The building at 1 Main Street in Brooklyn, New York, is topped by a monumental clock tower. Constructed in 1914 on a rectangular footprint, each side of the building points exactly to one of the four cardinal directions of the compass. The clock tower, the highest part of the building, is perfectly square and each of the four sides houses a gigantic timepiece. Backed with clear glass, the clock faces allow for an exchange of light. During the day the large clock-windows illuminate the space within, and at night the interior space illuminates the clock faces. Through the faces of the four clocks, views of four separate New York neighborhoods are visible. The spinning indicators of the clock faces interrupt each view and give evidence to the passage of time.
In this lofty and illuminated space, Vera Lutter recorded these four views, framed by their spinning indicators. Using a room-sized camera obscura, she exposed large sheets of black and white film. The film pieces were then mounted onto plexiglas and installed in sets of four—one of each directional view—suspended in space and in a square formation. Each of the four large panels is seven and a half feet square.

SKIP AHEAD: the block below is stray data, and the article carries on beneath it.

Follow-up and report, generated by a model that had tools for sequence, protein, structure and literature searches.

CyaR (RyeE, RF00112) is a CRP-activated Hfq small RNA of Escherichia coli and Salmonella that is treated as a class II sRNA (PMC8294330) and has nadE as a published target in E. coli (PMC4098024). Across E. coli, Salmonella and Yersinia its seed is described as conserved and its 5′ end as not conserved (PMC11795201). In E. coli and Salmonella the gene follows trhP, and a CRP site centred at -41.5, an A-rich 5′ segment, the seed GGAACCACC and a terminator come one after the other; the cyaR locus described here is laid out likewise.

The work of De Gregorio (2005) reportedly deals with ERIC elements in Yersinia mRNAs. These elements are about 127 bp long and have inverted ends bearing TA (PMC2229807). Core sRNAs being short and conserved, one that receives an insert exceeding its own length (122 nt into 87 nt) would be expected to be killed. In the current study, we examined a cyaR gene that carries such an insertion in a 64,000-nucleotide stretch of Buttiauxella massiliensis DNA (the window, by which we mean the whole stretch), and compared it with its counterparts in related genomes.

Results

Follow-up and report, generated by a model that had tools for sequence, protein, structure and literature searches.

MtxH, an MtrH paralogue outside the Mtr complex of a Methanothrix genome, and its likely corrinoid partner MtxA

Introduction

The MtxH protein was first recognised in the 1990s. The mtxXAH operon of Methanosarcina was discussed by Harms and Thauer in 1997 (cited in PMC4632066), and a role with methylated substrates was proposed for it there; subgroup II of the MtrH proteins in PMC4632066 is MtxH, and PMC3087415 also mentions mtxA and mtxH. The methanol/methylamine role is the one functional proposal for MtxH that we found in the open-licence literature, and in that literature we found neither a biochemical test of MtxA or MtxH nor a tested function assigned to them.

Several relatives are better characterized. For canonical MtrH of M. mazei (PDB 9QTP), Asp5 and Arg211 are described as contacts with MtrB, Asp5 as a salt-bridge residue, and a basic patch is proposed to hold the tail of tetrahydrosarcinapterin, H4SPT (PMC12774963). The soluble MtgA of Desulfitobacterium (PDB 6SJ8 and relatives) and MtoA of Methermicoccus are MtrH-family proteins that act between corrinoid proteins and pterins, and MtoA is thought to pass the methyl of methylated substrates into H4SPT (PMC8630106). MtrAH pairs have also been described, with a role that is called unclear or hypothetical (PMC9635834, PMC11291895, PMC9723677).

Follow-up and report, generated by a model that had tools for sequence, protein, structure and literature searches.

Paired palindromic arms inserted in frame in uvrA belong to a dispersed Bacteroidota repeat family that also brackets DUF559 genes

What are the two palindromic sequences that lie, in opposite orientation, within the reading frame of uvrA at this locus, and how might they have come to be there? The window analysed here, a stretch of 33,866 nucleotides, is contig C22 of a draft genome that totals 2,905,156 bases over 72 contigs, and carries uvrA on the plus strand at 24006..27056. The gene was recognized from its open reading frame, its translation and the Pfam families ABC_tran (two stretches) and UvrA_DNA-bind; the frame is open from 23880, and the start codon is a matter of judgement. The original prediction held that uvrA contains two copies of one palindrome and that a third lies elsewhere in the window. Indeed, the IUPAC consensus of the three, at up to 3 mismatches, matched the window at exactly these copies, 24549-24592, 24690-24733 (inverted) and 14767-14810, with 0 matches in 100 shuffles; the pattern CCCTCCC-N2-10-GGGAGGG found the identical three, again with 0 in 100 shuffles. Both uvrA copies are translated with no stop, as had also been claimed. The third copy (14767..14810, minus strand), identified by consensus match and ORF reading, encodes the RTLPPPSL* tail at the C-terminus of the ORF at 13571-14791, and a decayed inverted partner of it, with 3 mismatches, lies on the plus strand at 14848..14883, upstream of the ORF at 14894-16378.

Reflecting the site of its inscription, Folding Four in One is installed floating in a large white room. Three feet of open space is left in each corner between the panels, allowing the viewer to engage the permeable cube from within. While navigating through the space, the different perceptions of the four vistas unfold, blending in and out of one another as the time visible on each of the four clock faces remains constant.